2 October 2007

"Our Voyage having come to an end..."

On this day in 1836 the HMS Beagle returned to her home shores, bearing an exhausted but incalculably enriched Mr Charles Darwin, aged just 27, who later wrote of the day rather anticlimactically in his first published book The Voyage of the Beagle:
"On October 2nd the Beagle anchored at Falmouth, where I left her, having lived on board the little vessel very nearly five years."
Falmouth in 1850, 14 years after the homecoming, on 2nd October 1836, of the HMS Beagle. © C.C.Nunn of John Maggs, Falmouth. Image cross-posted from the website of the National Maritime Museum Cornwall.

Ah, that's our Mr Darwin, master of understatement (another gem being from On the Origin of Species..., "When the views entertained in this volume...are generally admitted, we can dimly foresee that there will be a considerable revolution in natural history.").

Fortunately for us, "very nearly five years" were not the last four words of Voyage. Darwin went on to offer us a retrospective of the journey as well as some advice for any would-be circumnavigators (ahem):

"If a person asked my advice, before undertaking a long voyage, my answer would depend upon his possessing a decided taste for some branch of knowledge, which could by this means be advanced... It is necessary to look forward to a harvest, however distant that may be, when some fruit will be reaped, some good effected."
- - -
"If a person suffer much from sea-sickness, let him weigh it heavily in the balance. I speak from experience: it is no trifling evil, cured in a week."
- - -
"There is a growing pleasure in comparing the character of the scenery in different countries... I am strongly induced to believe that as in music, the person who understands every note will, if he also possesses a proper taste, more thoroughly enjoy the whole, so he who examines each part of a fine view, may also thoroughly comprehend the full and combined effect. Hence, a traveller should be a botanist, for in all views plants form the chief embellishment."
- - -
"Among the scenes which are deeply impressed on my mind, none exceed in sublimity the primeval forests undefaced by the hand of man; whether those of Brazil, where the powers of Life are predominant, or those of Tierra del Fuego, where Death and decay prevail. Both are temples filled with the varied productions of the God of Nature: -- no one can stand in these solitudes unmoved, and not feel that there is more in man than the mere breath of his body."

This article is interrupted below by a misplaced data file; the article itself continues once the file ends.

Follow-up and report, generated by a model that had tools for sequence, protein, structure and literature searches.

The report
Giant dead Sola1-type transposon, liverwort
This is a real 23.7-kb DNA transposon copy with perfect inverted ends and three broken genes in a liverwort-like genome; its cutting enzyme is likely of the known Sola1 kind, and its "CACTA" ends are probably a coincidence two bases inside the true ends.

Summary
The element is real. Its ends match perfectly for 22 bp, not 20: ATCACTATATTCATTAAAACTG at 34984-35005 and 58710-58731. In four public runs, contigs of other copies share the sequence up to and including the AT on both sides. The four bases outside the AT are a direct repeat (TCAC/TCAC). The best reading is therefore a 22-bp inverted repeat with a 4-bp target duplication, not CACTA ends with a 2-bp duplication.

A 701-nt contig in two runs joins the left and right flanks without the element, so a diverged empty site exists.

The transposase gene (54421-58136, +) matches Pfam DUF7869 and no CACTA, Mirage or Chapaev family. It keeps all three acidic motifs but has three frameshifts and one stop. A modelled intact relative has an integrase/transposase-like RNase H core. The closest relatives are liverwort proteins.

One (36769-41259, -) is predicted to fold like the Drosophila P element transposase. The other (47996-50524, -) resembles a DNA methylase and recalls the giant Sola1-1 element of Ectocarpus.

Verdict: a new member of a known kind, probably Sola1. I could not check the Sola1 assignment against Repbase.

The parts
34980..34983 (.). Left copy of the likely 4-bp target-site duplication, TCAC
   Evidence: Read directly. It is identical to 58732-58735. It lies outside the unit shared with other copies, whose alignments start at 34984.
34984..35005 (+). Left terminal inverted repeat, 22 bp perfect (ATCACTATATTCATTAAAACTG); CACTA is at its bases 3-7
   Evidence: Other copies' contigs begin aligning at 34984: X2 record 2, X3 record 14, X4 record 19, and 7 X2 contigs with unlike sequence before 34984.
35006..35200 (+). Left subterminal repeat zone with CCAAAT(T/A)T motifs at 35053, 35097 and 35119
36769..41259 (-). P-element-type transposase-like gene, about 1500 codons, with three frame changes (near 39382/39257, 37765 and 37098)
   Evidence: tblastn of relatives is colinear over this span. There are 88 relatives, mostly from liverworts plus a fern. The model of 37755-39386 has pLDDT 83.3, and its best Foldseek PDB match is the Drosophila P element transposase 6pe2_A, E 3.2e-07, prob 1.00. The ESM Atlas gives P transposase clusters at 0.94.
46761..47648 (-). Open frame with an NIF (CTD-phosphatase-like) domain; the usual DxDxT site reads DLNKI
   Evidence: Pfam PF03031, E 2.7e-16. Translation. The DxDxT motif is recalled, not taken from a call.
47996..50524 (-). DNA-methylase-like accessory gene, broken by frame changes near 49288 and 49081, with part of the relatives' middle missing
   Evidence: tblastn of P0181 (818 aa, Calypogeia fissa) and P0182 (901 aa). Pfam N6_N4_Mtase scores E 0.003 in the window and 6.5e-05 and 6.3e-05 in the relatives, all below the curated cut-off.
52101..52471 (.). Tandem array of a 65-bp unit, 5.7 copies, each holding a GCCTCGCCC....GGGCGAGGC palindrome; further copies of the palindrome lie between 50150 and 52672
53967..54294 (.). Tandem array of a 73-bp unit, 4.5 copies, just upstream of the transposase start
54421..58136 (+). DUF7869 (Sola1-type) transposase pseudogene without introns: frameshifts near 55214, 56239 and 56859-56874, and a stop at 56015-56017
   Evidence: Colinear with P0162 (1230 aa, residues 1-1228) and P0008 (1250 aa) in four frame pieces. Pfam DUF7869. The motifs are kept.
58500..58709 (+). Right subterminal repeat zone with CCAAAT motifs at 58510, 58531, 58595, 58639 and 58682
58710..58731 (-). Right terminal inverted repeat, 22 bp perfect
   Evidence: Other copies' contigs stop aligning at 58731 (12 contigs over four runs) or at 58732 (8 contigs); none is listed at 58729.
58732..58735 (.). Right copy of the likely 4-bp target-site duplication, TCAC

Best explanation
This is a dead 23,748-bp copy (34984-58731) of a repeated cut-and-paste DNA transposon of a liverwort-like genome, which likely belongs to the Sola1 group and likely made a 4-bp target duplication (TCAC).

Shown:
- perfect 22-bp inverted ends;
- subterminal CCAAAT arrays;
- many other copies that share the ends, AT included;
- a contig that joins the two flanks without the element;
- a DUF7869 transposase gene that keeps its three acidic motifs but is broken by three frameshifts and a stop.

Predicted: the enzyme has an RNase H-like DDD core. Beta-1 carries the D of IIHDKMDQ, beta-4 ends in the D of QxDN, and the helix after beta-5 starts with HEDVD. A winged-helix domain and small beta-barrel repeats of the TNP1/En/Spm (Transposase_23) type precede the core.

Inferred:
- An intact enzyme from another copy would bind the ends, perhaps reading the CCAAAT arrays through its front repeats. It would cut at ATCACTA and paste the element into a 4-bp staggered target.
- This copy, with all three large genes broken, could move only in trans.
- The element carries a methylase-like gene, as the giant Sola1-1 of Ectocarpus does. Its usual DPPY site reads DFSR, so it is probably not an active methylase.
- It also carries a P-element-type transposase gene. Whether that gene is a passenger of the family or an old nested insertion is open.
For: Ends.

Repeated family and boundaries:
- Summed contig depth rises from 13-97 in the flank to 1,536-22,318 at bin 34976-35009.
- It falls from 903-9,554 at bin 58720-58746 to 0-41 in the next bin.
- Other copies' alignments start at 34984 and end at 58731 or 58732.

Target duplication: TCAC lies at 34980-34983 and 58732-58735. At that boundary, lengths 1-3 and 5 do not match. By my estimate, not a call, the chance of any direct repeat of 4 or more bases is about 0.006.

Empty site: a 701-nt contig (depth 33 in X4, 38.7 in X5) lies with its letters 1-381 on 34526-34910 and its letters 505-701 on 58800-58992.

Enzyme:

- - -
"Among the other most remarkable spectacles which we have beheld, may be ranked, the Southern Cross, the cloud of Magellan, and the other constellations of the southern hemisphere -- the water-spout -- the glacier leading its blue stream of ice, over-hanging the sea in a bold precipice -- a lagoon-island raised by the reef-building corals -- an active volcano -- and the overwhelming effects of a violent earthquake. These latter phenomena, perhaps, possess for me a peculiar interest, from their intimate connection with the geological structure of the world. The earthquake, however, must be to every one a most impressive event: the earth, considered from our earliest childhood as the type of solidity, has oscillated like a thin crust beneath our feet; and in seeing the laboured works of man in a moment overthrown, we feel the insignificance of his boasted power."
- - -
"I do not doubt that every traveller must remember the glowing sense of happiness which he experienced, when he first breathed in a foreign clime, where the civilized man had seldom or never trod."
- - -
"In conclusion, it appears to me that nothing can be more improving to a young naturalist, than a journey in distant countries."


1 comment:

Sissy Willis said...

"There is grandeur in this view of life" comes to mind.